By Centre for Community Child Health, Royal Children’s Hospital, Melbourne
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Getting up to replace your baby’s lost dummy at night can be very tiring. But here’s some good news – from around eight months, most babies can learn to manage their own dummies during the night, and you can try to teach your child to do this.

Before you try to change any of your baby’s sleep habits – including sleeping with a dummy during the night – see our article on changing your baby’s sleep pattern. This article provides tips that might help if your baby has developed the habit of needing a dummy to fall asleep, or needs your help to replace the dummy when it falls out during the night.

Using the dummy independently

From eight months of age, most babies can learn to put their own dummy in.

  1. Attach the dummy to your baby’s nightclothes by a chain or ribbon. Do not tie the chain or ribbon around your baby’s neck, or to the cot. The chain or ribbon must measure less than 10 cm.
  2. The chain or ribbon must be less than 10 cm long – any longer and it becomes a strangulation risk. Current research indicates that using an attachment less than 10 cm long is most likely safe, but use your own best judgment about whether you feel comfortable attaching the dummy to your baby’s clothing.
  3. When you put your baby to bed, slide her hand down the chain and onto the dummy. Then guide the dummy into her mouth.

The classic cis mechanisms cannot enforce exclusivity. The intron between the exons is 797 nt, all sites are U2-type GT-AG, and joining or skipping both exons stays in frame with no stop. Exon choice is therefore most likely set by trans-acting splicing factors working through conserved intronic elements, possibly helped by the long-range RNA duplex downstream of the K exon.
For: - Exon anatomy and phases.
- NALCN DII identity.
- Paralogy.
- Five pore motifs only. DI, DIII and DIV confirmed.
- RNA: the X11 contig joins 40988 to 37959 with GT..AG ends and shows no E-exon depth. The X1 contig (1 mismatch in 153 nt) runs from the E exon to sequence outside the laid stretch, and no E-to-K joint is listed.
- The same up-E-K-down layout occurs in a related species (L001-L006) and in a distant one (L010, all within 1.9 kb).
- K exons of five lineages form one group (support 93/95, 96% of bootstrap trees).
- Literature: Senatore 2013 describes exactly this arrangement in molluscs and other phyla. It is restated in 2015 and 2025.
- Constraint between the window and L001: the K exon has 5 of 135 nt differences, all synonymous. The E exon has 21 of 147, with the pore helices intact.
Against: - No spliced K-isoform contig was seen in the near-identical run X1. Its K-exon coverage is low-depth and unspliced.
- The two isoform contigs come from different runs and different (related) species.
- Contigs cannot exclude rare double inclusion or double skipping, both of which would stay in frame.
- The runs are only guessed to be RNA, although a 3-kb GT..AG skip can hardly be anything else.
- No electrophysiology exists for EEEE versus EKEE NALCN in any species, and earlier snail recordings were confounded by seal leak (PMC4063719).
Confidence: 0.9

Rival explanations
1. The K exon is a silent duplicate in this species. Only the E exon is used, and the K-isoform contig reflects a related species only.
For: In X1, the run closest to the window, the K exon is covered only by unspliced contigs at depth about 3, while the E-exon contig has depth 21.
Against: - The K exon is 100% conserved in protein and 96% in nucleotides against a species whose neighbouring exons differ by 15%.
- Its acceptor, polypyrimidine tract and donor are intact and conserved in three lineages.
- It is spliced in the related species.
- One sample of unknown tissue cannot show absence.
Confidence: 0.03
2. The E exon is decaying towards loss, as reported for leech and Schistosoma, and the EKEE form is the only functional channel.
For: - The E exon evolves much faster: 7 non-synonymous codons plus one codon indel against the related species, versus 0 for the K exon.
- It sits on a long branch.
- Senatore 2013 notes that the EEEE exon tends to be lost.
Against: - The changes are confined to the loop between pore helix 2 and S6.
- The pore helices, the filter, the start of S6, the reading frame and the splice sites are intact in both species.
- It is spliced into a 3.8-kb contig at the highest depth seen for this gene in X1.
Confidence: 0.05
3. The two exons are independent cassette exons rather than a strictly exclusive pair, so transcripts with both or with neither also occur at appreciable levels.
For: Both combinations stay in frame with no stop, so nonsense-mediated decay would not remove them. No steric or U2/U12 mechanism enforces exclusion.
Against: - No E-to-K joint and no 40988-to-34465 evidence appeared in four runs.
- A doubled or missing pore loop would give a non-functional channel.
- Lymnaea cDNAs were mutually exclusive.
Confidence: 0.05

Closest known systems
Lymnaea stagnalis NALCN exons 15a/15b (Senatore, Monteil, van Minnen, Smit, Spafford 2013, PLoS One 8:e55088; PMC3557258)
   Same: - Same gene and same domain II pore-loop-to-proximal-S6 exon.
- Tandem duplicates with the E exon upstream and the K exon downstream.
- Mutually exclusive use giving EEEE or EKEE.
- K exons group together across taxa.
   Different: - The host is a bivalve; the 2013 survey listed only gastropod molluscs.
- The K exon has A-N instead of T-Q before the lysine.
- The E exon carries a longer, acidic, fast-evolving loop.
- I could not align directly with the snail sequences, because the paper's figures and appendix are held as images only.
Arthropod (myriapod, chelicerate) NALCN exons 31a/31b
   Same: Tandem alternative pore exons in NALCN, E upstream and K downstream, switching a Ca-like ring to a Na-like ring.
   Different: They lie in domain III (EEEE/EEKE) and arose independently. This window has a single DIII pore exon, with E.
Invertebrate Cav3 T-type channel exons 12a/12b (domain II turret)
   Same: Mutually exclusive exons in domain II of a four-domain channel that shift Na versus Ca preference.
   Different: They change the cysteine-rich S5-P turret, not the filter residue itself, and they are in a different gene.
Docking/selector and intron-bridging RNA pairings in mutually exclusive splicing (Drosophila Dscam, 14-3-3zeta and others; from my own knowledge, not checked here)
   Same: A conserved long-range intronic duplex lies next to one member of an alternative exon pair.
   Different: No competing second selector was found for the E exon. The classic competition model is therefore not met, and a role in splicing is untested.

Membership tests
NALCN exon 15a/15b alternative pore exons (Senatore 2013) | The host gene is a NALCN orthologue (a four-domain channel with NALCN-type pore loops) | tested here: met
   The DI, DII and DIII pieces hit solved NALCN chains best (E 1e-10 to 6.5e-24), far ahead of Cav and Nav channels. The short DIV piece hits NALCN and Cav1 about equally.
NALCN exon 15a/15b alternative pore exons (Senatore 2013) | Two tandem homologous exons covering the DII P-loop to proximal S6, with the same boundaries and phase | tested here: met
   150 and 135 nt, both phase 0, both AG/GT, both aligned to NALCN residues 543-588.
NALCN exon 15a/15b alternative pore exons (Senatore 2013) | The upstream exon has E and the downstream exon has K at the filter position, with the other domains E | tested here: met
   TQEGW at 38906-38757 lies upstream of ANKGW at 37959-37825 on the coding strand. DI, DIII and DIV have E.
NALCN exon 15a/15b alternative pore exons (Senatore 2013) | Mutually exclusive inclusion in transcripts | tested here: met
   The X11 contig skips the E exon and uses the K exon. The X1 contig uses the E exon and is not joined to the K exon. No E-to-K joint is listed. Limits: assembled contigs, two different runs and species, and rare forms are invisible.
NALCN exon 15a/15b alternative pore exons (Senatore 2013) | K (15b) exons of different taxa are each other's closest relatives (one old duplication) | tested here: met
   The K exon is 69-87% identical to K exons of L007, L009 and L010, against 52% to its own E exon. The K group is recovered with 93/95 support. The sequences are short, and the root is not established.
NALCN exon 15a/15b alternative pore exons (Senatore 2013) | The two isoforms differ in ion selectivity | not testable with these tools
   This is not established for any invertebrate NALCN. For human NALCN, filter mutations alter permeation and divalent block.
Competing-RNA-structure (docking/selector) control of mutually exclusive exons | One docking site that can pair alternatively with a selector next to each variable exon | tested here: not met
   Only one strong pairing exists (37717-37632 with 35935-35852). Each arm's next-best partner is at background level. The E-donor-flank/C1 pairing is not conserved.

4. Every time you have to replace the dummy, make sure you slide your baby’s hand down the chain and onto the dummy. Then guide the dummy into her mouth, making sure she keeps a hand on it.

It can take 3-4 nights or longer for babies to learn how to replace the dummy by themselves.

Giving up the dummy

Another option for dealing with your child’s dependence on a dummy is to help your child give up the dummy altogether. You can do this all at once (prepare for some crying!) or phase it out slowly.

One good way to phase the dummy out is to gradually use it less and less when re-settling your baby during the night. For example, give the dummy to your baby every second time he cries in the night on day two, then every third time on day three, and so on.

Try using the dummy less for comforting during the day. This will help this process go faster.

 
 
 
  • Content supplied by Centre for Community Child Health
  • Last updated or reviewed 19-08-2010
  • Acknowledgements

    Adapted from: Centre for Community Child Health (2004). The Infant Sleep Study: Managing sleep problems in babies: A training manual. Royal Children’s Hospital: Melbourne.